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Dorothy Hoobler Biography - Personal, Addresses, Career, Honors Awards, Writings, Sidelights

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Born 1971; Education: Wells College, A.B., 1963; New York University, M.A., 1971. Hobbies and other interests: Oriental, American, and European medieval history, music, photography, gardening, travel.

Addresses

Agent—c/o Author Mail, Millbrook Press, Simon & Schuster, 1230 Avenue of the Americas, New York, NY 10020.

Career

Freelance writer, 1973–. Has also worked as an editor and genealogist.

Honors Awards

Best book award, Society for School Librarians International, 1991, for Showa: The Age of Hirohito; Parents' Choice Gold Award, 1995, and New York Public Library Books for the Teen Age selection, 1998, both for The African-American Family Album; Carter G. Woodson Honor Book, 1997, for The Japanese-American Family Album; Edgar Allan Poe Award for best young-adult mystery, 2005, for In Darkness, Death; additional honors from Library of Congress, Bank Street College, International Reading Association, National Council for the Social Studies, and National Conference of Christians and Jews.

Writings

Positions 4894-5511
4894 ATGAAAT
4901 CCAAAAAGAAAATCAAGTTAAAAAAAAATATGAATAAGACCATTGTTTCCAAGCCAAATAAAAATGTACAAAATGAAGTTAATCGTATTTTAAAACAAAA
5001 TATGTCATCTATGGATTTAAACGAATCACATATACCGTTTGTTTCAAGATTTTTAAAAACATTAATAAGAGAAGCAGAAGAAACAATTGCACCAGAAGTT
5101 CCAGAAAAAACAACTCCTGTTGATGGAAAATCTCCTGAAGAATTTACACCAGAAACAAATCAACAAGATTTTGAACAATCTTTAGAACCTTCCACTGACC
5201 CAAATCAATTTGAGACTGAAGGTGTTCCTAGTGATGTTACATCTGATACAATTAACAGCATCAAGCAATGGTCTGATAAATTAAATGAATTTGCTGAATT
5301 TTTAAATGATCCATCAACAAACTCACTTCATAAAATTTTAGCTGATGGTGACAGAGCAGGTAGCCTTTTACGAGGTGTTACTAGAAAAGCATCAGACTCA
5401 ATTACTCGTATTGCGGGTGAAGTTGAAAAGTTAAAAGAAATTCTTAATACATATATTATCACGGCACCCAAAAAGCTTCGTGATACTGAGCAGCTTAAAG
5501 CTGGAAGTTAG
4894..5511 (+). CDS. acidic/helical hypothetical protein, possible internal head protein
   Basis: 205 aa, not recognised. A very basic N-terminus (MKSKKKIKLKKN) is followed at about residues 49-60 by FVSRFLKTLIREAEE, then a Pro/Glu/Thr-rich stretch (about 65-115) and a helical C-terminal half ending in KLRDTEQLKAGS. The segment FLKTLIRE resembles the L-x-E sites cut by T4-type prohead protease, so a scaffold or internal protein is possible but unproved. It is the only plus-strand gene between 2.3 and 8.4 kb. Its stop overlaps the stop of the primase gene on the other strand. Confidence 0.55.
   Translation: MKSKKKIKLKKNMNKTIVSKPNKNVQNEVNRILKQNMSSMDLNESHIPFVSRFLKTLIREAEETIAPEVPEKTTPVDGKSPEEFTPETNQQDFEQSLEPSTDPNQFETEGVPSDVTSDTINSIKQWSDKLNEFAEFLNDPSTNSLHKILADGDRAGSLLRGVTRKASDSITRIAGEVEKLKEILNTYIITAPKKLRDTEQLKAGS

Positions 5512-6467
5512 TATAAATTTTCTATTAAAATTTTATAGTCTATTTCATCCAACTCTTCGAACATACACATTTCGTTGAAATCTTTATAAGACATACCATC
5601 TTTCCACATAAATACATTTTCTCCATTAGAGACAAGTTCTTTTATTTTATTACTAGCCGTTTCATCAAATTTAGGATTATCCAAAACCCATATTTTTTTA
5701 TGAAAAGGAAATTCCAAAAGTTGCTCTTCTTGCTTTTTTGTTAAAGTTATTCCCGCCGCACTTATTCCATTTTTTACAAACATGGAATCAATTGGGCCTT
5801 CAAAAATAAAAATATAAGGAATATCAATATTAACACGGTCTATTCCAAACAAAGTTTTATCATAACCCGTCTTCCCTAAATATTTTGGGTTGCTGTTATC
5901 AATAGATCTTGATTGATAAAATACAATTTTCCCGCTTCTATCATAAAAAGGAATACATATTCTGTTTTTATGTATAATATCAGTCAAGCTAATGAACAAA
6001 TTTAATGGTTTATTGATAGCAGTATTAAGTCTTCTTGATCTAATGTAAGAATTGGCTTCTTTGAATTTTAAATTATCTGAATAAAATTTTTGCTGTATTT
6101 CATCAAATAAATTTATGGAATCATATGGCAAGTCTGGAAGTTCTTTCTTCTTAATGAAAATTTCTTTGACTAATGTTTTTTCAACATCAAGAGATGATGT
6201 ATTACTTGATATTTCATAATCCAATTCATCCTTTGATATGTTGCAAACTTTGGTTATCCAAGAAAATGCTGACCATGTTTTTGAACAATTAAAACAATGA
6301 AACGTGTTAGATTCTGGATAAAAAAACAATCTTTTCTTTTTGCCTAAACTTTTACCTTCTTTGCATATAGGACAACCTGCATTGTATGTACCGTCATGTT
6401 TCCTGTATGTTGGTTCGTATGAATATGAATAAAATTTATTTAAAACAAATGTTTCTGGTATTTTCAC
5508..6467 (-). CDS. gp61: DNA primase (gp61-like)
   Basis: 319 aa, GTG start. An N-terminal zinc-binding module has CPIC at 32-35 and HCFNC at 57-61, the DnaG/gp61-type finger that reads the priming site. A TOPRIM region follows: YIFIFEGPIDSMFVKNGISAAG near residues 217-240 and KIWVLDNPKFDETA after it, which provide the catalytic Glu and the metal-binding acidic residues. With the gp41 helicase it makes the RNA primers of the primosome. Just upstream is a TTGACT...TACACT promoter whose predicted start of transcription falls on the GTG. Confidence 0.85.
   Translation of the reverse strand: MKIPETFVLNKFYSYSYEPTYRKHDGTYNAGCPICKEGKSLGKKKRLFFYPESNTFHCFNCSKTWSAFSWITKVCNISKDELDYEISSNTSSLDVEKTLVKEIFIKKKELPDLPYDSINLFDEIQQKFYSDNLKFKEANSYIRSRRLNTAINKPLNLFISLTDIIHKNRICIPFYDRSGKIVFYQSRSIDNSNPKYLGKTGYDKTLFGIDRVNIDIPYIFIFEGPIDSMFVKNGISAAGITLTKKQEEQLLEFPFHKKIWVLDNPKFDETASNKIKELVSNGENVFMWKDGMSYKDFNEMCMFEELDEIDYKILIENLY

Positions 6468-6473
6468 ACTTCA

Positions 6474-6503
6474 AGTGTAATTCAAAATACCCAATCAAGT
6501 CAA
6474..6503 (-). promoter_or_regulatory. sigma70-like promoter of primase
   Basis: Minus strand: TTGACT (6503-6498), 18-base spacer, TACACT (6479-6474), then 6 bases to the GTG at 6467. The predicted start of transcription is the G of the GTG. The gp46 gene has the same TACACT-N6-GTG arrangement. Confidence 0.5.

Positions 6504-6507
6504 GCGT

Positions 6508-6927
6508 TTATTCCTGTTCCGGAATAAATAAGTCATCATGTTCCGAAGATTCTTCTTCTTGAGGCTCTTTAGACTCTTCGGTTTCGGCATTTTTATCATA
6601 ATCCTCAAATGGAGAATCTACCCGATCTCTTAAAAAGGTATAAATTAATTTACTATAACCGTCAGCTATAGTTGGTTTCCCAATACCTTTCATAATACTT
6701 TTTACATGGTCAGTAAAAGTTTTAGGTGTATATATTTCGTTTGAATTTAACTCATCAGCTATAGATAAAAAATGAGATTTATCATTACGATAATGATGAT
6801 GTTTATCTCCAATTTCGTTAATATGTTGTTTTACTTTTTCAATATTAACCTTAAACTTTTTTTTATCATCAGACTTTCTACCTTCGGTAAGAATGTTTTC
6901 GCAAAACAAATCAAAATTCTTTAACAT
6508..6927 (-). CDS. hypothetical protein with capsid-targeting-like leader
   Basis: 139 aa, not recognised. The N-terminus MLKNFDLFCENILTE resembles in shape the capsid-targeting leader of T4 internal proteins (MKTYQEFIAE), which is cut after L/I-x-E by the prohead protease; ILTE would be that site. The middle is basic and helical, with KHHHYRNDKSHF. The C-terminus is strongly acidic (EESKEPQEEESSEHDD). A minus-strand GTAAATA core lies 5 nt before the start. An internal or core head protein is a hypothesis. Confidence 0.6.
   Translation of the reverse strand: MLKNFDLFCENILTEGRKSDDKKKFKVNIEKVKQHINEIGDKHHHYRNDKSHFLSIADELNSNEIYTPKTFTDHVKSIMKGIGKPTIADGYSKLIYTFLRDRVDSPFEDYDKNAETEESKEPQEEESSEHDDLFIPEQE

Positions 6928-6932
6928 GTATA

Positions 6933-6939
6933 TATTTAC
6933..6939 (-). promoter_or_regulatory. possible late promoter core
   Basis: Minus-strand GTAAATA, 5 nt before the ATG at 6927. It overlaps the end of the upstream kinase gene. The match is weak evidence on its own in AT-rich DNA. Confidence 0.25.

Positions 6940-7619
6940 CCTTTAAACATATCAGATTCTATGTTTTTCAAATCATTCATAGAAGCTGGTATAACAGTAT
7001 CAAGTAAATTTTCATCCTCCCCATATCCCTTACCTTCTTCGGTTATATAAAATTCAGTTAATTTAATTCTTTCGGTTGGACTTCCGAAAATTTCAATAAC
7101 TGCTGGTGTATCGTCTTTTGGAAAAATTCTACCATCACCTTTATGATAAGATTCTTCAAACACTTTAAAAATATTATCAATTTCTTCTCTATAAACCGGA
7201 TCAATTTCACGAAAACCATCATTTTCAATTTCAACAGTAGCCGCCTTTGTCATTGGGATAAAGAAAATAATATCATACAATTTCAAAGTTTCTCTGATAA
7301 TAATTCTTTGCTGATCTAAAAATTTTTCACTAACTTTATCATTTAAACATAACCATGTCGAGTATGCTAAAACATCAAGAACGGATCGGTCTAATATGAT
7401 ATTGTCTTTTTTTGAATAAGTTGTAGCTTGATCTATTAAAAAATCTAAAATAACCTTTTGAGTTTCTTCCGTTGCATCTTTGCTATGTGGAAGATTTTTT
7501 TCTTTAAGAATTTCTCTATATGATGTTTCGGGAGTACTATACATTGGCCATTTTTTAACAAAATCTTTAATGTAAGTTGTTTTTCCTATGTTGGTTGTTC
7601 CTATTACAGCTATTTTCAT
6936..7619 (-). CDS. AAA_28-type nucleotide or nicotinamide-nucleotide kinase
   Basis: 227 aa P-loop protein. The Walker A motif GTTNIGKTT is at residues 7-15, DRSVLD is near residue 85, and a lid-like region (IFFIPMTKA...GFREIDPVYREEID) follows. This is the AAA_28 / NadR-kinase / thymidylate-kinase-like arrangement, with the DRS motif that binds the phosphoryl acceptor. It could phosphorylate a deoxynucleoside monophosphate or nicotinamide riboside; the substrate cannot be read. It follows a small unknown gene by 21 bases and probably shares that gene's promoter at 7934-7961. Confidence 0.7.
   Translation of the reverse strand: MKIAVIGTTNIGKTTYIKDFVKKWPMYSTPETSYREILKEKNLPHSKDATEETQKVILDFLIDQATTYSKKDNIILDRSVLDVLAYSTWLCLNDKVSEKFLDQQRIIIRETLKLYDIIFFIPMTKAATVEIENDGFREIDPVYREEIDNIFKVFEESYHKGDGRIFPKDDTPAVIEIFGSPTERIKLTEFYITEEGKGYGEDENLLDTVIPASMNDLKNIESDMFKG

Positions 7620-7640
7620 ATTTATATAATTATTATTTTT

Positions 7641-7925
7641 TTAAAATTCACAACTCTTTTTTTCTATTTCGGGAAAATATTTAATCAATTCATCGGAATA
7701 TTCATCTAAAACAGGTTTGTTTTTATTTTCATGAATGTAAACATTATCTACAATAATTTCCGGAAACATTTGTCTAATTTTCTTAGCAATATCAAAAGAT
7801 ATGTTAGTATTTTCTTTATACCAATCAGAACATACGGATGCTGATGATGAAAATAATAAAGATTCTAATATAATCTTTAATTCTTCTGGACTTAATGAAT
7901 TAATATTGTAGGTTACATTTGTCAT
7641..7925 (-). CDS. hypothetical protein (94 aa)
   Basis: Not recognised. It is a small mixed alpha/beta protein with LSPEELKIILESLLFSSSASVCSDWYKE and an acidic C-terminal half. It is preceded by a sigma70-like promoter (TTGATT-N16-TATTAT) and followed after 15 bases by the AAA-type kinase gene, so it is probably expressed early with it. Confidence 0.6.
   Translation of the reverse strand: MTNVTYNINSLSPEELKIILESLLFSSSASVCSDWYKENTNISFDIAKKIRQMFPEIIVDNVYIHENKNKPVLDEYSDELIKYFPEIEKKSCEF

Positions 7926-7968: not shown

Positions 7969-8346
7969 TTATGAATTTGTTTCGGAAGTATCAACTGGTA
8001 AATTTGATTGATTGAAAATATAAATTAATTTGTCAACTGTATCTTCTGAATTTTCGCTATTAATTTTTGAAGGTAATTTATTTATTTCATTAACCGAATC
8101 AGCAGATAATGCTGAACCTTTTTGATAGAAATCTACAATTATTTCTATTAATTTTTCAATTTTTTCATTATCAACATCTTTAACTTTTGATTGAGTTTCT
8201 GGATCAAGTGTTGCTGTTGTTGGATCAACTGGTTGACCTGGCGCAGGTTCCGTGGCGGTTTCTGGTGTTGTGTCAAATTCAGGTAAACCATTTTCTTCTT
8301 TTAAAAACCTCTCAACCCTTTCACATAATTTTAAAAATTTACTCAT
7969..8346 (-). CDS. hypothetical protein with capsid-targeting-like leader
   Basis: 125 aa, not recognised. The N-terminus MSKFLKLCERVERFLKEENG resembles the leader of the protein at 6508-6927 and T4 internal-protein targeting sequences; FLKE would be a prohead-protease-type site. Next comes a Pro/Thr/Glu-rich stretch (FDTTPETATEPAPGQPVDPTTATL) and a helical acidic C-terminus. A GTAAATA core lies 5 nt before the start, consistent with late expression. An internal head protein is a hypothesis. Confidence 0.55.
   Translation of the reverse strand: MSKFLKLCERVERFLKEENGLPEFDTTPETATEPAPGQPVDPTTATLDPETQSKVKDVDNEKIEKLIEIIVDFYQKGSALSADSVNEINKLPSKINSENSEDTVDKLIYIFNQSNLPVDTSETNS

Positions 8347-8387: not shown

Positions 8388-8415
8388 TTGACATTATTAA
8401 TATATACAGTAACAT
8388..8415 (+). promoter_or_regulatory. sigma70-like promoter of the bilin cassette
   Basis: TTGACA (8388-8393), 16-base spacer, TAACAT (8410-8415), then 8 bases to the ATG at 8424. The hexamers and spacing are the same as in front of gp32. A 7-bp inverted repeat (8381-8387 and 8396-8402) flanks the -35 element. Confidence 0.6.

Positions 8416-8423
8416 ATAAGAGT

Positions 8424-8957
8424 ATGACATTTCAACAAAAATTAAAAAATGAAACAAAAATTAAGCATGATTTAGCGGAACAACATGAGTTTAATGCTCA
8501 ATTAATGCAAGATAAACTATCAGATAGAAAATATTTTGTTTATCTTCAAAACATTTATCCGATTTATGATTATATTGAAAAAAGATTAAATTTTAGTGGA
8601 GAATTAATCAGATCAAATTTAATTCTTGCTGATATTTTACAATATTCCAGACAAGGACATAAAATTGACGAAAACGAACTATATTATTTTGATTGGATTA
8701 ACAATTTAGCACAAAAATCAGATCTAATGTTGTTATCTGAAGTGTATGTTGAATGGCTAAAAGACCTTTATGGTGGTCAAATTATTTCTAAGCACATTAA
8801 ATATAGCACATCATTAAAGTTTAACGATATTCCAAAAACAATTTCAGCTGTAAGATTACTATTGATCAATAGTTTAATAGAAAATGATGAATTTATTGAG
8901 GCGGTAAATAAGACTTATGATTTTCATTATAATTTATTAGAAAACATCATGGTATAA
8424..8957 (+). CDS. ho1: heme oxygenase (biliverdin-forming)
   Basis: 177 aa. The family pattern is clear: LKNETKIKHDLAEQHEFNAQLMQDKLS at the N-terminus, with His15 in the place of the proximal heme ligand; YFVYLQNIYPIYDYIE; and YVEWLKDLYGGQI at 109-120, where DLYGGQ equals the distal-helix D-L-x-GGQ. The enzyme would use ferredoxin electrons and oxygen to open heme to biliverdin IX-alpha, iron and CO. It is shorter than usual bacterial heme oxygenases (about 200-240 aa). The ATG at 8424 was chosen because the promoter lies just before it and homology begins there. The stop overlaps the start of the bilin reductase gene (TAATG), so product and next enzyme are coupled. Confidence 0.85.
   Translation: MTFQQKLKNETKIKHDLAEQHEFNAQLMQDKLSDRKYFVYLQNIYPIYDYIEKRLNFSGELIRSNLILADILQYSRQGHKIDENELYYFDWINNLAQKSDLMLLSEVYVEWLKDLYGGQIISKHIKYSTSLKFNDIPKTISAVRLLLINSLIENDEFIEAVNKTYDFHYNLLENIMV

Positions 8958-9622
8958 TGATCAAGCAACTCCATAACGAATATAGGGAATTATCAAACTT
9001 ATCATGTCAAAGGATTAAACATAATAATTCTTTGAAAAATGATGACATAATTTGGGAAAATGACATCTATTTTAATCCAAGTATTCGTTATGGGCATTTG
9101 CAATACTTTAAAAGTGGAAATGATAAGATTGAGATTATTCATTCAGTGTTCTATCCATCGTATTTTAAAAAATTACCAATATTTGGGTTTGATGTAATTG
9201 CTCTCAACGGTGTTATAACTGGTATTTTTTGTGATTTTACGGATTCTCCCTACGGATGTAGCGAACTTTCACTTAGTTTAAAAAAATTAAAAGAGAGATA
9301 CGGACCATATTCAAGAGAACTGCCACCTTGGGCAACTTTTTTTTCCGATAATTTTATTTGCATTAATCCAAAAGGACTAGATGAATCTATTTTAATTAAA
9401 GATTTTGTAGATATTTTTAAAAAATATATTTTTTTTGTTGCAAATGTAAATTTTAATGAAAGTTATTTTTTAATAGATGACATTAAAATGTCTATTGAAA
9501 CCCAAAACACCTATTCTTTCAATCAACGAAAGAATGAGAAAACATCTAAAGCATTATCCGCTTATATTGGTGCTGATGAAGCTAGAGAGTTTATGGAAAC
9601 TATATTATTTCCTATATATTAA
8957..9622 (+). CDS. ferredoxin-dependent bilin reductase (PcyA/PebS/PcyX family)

WITH HUSBAND, THOMAS HOOBLER

Frontier Diary, Macmillan (New York, NY), 1974.

Margaret Mead: A Life in Science, Macmillan (New York, NY), 1974.

House Plants, Macmillan (New York, NY), 1975.

Vegetable Gardening and Cooking, Grosset & Dunlap (New York, NY), 1975.

Pruning, Grosset & Dunlap (New York, NY), 1975.

An Album of World War I, F. Watts (New York, NY), 1976.

Indoor Gardening, Grosset & Dunlap (New York, NY), 1976.

Photographing History: The Career of Mathew Brady, Putnam (New York, NY), 1977.

An Album of World War II, F. Watts (New York, NY), 1977.

The Trenches: Fighting on the Western Front in World War I, Putnam (New York, NY), 1978.

Photographing the Frontier, Putnam (New York, NY), 1980.

U.S.-China Relations since World War II, F. Watts (New York, NY), 1981.

An Album of the Seventies, F. Watts (New York, NY), 1981.

The Social Security System, F. Watts (New York, NY), 1982.

The Voyages of Captain Cook, Putnam (New York, NY), 1983.

Joseph Stalin, with an introductory essay by Arthur M. Schlesinger, Chelsea House (New York, NY), 1985.

Cleopatra, Chelsea House (New York, NY), 1986.

Zhou Enlai, with an introductory essay by Arthur M. Schlesinger, Chelsea House (New York, NY), 1986.

Your Right to Privacy, F. Watts (New York, NY), 1987.

Nelson and Winnie Mandela, F. Watts (New York, NY), 1987.

Drugs and Crime, Chelsea House (New York, NY), 1988.

Toussaint L'Ouverture, Chelsea House (New York, NY), 1990.

George Washington and President's Day, pictures by Ronald Miller, Silver Burdett (Englewood Cliffs, NJ), 1990.